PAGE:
> time game (e.g. street fighter, counterstrike, league of legends) where,
> e.g., 250 ms of latency is unacceptable to the experience, or more like a
> turn based game (e.g. chess, poker, backgammon) where latency of 3s is
> tolerable?  This drives certain considerations; e.g., you may be able to
> use a slightly lower performance but more reliable database system for the
> latter case.
> * what is the shape and nature of your cost envelope?  If you are running
> server infrastructure for a game, then you may need to take special
> measures to ensure that your costs remain beneath your gross profit.
> Since, as you say, managing game state is such a giant pain in the ass, my
> general best practice when I do exactly this thing as part of my day job is
> to first write down all of the different kinds of state, their approximate
> quantity in bytes per player/world/universe/shard/whatever, and then do
> some spreadsheet math to figure out what I can get away with.
> Example: Game is Facebook-style web game like Farmville.  State can be
> boiled down to a binary data structure that is 4 kilobytes in size per
> player.  Expected profit per user is on the order of pennies.  Tens of
> millions of users expected.  Solution: save state in the user's own browser
> via encrypted cookie, use tiny database (sqlite, mysql, etc.) for
> leaderboards and sending seeds between players.
> Example: Game is World of Warcraft style MMO but you're trying to do it in
> the browser so can't download gigabytes.  So you must shard each zone into,
> say, a 50 megabyte downloadable size.  Zone shards are static so can be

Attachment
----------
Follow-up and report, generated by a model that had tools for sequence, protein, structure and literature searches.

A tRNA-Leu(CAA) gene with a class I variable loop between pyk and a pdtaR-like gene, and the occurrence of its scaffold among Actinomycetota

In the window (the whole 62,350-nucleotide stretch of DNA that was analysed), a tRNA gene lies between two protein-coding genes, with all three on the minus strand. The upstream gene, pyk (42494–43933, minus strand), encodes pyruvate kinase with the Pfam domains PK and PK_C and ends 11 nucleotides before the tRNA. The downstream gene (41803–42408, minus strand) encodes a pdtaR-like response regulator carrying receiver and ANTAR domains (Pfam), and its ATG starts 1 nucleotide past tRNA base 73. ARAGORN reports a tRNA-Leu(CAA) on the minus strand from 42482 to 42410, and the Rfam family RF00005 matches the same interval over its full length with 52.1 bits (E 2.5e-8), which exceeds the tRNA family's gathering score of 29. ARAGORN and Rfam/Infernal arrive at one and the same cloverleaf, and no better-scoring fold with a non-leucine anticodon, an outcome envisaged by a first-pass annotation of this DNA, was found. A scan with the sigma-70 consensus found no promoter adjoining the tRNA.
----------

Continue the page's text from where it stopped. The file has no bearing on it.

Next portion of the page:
> files.  Private player data (e.g. inventory, raid history, message log) is
> maybe 1 megabyte; public player data (e.g., x/y/z coordinates, avatar skin)
> is maybe 30K and shared across the entire world (but usually limited to a
> shard), needs fast access though as the world ticks at 30 frames per second
> and you need to do distance calculations, etc.  Store the public player
> data in memory, dets (per shard) or redis depending on whether you want raw
> speed, resiliency, or tooling.  Store the private data in memory, dets,
> redis, or mysql, depending on speed, resiliency, tooling, cost and
> analytics requirements.
> Generally I use ets for fast-access random-lookup state that has to get
> shared between processes, redis for fast-enough (still plenty fast)
> random-lookup state that has to be able to get large and/or survive system
> crashes or writeoffs (via slave replication and aof, rather than
> clustering), mysql for mass market mediocre state storage where the client
> has pre-existing infrastructure and ad hoc querying is important, postgres
> for green fields state storage where ad hoc querying is important, and
> thankfully so far I have been able to avoid having to use inconsistent data
> stores in production.  I wouldn't ever consider dets or mnesia because
> equivalently-functional tools exist that are radically more popular and
> have better tooling, capability, characteristics or safety guarantees.
> F.
> On Tue, Jul 15, 2014 at 10:03 AM, Lloyd R. Prentice <lloyd@REDACTED
> > wrote:
>> I'm thinking through the design of a web-based multiple-player game. Each
>> player maintains a private database--- most likely dets. Each player moves
>> through nested finite state machines. Each player may be logging in or out
>> at any state of play.
>> At this point my grasp of Erlang architecture breaks down. I don't
>> understand how best to:
>> - parse game structure across players, processes, and directories
>> - maintain player state between sessions
>> At this point in my Erlang education I feel like I know the words but
>> can't play the music.
>> I'd much grateful for any and all ideas and suggestions.
>> Many thanks,
>> LRP
>> Sent from my iPad
>> _______________________________________________
>> erlang-questions mailing list
>> erlang-questions@REDACTED